6 home office design mistakes that hurt your productivity


Working from home can be a double-edged sword: on the one hand, you spend less time commuting. On the other hand, you may end up working longer hours because of all the distractions at home, especially if you’re working in a poorly designed home office.

In this blog, we’ll share some of the most common home office design mistakes to avoid. We’ll also answer some of the most frequently asked questions on the topic. By the end, you’ll know how to design a productivity-boosting workspace you’ll love for years.

Let’s dive in!

1. Picking the wrong location

Carving out enough space for a home office is the most important step. You wouldn’t want to be sitting at a place where someone can swoop in and chat. If you have small children, it might be difficult to avert your eyes while they’re running around.

It’s important to create a designated adult-only work area. It shouldn’t be too close to your bedroom that you’ll feel compelled to take a nap every now and then. It should also have adequate lighting – natural and artificial – so that you feel comfortable working day or night.

A building designer may help you find the best place for a home office. You can consider converting your attic into a loft office or renovating your basement. Some people even get creative and turn the space under their stairs or their closets into an office.

2. Not adding enough built-in storage

If you have the type of job that requires you to handle plenty of paperwork, you’ll need enough filing cabinets to keep your space clutter-free. Any workspace that’s bursting at the seams with thousands of documents won’t feel motivating. There’s also a chance that you might lose important files.

3. Prioritising aesthetics over ergonomics

When designing your home office, you should prioritise ergonomics and functionality. Not following correct office ergonomics can result in back and neck pain or even carpal tunnel syndrome, a musculoskeletal disorder.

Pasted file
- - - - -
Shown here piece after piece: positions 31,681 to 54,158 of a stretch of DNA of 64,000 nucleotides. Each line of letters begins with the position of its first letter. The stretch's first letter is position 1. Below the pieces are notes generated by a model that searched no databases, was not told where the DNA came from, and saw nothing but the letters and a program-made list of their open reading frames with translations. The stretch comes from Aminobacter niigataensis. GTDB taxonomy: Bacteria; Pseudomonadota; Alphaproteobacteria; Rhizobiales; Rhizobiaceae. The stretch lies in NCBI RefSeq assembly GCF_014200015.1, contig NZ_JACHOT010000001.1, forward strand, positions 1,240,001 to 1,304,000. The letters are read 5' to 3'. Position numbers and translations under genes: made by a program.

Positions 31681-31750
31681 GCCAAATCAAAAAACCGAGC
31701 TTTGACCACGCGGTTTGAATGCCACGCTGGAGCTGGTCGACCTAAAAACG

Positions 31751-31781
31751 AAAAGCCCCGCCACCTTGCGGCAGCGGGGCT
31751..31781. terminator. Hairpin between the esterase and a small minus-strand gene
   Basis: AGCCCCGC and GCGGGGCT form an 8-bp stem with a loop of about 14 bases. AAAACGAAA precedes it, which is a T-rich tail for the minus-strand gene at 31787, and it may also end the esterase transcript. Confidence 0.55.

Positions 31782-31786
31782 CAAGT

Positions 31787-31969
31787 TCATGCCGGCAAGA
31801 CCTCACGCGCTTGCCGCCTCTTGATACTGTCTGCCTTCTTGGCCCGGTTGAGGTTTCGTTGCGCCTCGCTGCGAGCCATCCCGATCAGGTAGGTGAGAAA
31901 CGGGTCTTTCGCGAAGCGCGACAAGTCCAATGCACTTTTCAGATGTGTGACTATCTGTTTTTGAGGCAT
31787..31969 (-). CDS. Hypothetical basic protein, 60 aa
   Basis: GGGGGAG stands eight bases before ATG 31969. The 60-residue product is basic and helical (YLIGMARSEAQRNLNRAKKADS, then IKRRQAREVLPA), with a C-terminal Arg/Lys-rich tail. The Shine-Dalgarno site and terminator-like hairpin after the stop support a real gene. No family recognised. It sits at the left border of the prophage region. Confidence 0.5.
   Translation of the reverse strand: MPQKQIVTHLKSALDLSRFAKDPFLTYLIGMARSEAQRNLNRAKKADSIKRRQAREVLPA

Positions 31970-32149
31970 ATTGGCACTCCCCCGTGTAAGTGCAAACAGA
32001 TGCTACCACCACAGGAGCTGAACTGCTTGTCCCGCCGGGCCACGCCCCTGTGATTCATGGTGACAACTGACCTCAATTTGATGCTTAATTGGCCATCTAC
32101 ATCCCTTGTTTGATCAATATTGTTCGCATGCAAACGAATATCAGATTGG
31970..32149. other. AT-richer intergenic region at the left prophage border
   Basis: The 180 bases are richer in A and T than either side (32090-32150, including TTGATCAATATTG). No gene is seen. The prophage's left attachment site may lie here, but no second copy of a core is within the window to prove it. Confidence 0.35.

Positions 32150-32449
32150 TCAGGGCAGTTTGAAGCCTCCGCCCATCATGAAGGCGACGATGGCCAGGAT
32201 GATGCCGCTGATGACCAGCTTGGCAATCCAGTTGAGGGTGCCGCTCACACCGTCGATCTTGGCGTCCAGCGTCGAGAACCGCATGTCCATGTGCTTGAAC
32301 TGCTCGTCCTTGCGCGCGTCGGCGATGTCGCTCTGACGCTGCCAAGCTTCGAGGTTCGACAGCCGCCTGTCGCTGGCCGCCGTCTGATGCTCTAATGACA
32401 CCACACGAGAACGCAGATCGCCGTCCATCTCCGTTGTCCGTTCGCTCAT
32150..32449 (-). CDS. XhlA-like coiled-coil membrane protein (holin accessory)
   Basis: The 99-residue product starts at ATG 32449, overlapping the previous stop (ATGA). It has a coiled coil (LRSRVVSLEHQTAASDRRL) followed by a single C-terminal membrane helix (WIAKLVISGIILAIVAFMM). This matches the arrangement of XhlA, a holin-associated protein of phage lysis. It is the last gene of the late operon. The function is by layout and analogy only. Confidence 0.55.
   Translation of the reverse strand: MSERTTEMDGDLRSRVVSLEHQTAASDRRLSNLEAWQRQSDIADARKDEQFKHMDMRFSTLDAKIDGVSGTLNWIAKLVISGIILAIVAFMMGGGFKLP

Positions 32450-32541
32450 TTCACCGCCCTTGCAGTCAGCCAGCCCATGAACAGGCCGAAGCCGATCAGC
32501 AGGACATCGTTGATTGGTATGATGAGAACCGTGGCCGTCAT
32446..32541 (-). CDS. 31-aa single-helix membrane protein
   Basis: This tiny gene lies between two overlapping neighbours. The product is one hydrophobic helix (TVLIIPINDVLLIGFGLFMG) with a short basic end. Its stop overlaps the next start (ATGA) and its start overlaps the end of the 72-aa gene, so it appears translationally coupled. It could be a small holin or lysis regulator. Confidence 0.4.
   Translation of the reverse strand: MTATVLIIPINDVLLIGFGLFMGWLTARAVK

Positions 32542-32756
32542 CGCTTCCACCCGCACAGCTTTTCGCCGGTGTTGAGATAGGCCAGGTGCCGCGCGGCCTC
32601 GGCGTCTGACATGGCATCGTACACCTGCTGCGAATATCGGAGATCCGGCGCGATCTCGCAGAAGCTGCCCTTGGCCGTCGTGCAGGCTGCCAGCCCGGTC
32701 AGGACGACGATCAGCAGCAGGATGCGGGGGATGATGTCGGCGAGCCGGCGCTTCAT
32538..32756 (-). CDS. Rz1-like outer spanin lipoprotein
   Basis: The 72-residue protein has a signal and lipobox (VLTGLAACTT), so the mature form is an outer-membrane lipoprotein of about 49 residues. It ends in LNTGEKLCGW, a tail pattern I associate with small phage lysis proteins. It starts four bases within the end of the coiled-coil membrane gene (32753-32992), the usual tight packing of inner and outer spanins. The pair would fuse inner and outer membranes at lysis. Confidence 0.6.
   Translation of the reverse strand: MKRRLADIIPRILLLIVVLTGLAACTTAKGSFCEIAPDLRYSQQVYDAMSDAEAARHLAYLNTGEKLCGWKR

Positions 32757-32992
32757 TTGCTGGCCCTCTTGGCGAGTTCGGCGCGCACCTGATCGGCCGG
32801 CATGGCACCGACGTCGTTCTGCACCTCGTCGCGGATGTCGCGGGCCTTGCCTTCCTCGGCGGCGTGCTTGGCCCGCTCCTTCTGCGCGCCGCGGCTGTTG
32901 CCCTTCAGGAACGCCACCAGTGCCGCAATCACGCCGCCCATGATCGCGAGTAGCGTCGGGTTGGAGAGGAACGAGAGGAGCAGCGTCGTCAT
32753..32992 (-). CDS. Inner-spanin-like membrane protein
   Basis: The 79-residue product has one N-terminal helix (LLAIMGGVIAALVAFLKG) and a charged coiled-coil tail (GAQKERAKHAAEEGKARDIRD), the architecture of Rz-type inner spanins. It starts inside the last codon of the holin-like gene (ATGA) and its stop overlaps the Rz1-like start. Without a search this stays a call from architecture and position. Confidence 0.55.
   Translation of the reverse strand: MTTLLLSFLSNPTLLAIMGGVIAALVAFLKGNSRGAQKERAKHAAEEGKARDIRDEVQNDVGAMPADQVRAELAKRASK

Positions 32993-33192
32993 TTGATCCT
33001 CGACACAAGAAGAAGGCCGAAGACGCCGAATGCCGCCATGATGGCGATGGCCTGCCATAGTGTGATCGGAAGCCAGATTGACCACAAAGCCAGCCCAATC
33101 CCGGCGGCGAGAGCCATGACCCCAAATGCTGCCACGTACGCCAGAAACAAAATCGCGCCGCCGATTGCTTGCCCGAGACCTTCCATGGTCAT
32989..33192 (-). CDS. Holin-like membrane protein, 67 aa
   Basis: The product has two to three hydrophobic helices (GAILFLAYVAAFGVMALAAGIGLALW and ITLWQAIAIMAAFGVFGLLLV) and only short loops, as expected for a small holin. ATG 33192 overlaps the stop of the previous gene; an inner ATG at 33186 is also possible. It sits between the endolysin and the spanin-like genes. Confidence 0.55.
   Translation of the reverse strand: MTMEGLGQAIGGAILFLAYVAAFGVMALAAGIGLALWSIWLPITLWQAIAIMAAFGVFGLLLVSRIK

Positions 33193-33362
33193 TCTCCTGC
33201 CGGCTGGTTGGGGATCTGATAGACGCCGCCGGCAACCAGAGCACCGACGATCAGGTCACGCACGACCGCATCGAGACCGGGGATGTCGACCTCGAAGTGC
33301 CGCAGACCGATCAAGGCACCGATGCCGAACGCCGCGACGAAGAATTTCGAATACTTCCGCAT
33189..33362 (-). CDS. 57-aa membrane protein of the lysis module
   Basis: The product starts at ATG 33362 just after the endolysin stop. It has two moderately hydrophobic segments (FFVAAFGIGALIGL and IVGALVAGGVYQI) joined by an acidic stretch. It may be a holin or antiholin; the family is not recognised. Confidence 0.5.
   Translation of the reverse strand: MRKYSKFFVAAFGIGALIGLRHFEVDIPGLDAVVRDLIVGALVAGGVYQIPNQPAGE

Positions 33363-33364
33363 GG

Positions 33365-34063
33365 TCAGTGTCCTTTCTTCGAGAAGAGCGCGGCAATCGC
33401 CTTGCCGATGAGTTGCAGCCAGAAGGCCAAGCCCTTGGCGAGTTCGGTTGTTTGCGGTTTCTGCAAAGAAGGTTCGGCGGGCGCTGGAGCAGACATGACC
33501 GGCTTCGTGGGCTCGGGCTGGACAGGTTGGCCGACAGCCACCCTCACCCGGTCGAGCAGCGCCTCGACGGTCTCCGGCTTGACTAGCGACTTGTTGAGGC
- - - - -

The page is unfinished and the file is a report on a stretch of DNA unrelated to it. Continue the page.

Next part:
Pick a desk that allows your monitor to be at eye level. It should be an arm’s length away from your body to prevent computer vision syndrome.

Your chair should also be able to help you keep your back straight so that your bones and joints stay aligned. Pick a chair with a large and comfortable backrest.

4. Not enough power outlets

One of the most common issues when designing a home office is not having enough power outlets. This is especially true for rooms intended for other purposes, such as a guest room. This is where draftsman becomes really helpful in providing the layout that you can use as a guide

Still, you don’t have to rewire your home to have enough outlets to power up your home office. You can consider installing a power strip or multi-outlet adapters.

Just be careful not to overload your outlet. Check how many watts your outlets can handle and see if it’s enough for your home office.

6. No adequate ventilation

No matter how beautiful your home office is, it won’t be a comfortable place to work in if it doesn’t have adequate ventilation. If you’re staying in an attic, consider adding windows or a skylight. If you’re in the basement, build an egress and add an exhaust fan. Add large mirrors to reflect light all over the space.

You should also consider adding an air conditioning unit so that the temperature stays comfortable all day long. Aim for an office space that stays at 23 to 26 degrees Celsius (73 to 79 degrees Fahrenheit) all day.

Frequently asked questions

Does a home office need to have a door?

Ideally, a home office should be completely separate from a house’s living space. To achieve that goal, create a room with a door so that you won’t have to worry about other people barging in when you’re in the middle of an online meeting or writing an important report.

In some cases, maintaining a separate home office may also entitle you to some tax refunds.

How far should a desk be from a wall?

A desk should be at least 59 centimetres (23 inches) away from the wall to give you enough clearance for a chair. If your desk is against the wall, leave 7 to 15 centimetres (3-6 inches) so that you still have room for outlets at the back.

What direction should my desk face?

Some people prefer to have their desks face a window so that they can admire the view during short mental breaks. If that proves to be too distracting, place the desk perpendicular to the window so you can still enjoy plenty of natural light. In case your home office does not have a window, place it in the middle of a room, facing the door or entryway.

Start designing a productive home office today

Working from home is convenient, but only when you have a well-designed home office. If you force yourself to work in an uncomfortable place, you can end up hurting yourself and your productivity. Make careful choices with regard to your home office’s layout, furniture, and decor, and you’ll have a delightful place you’ll love to work in every day.


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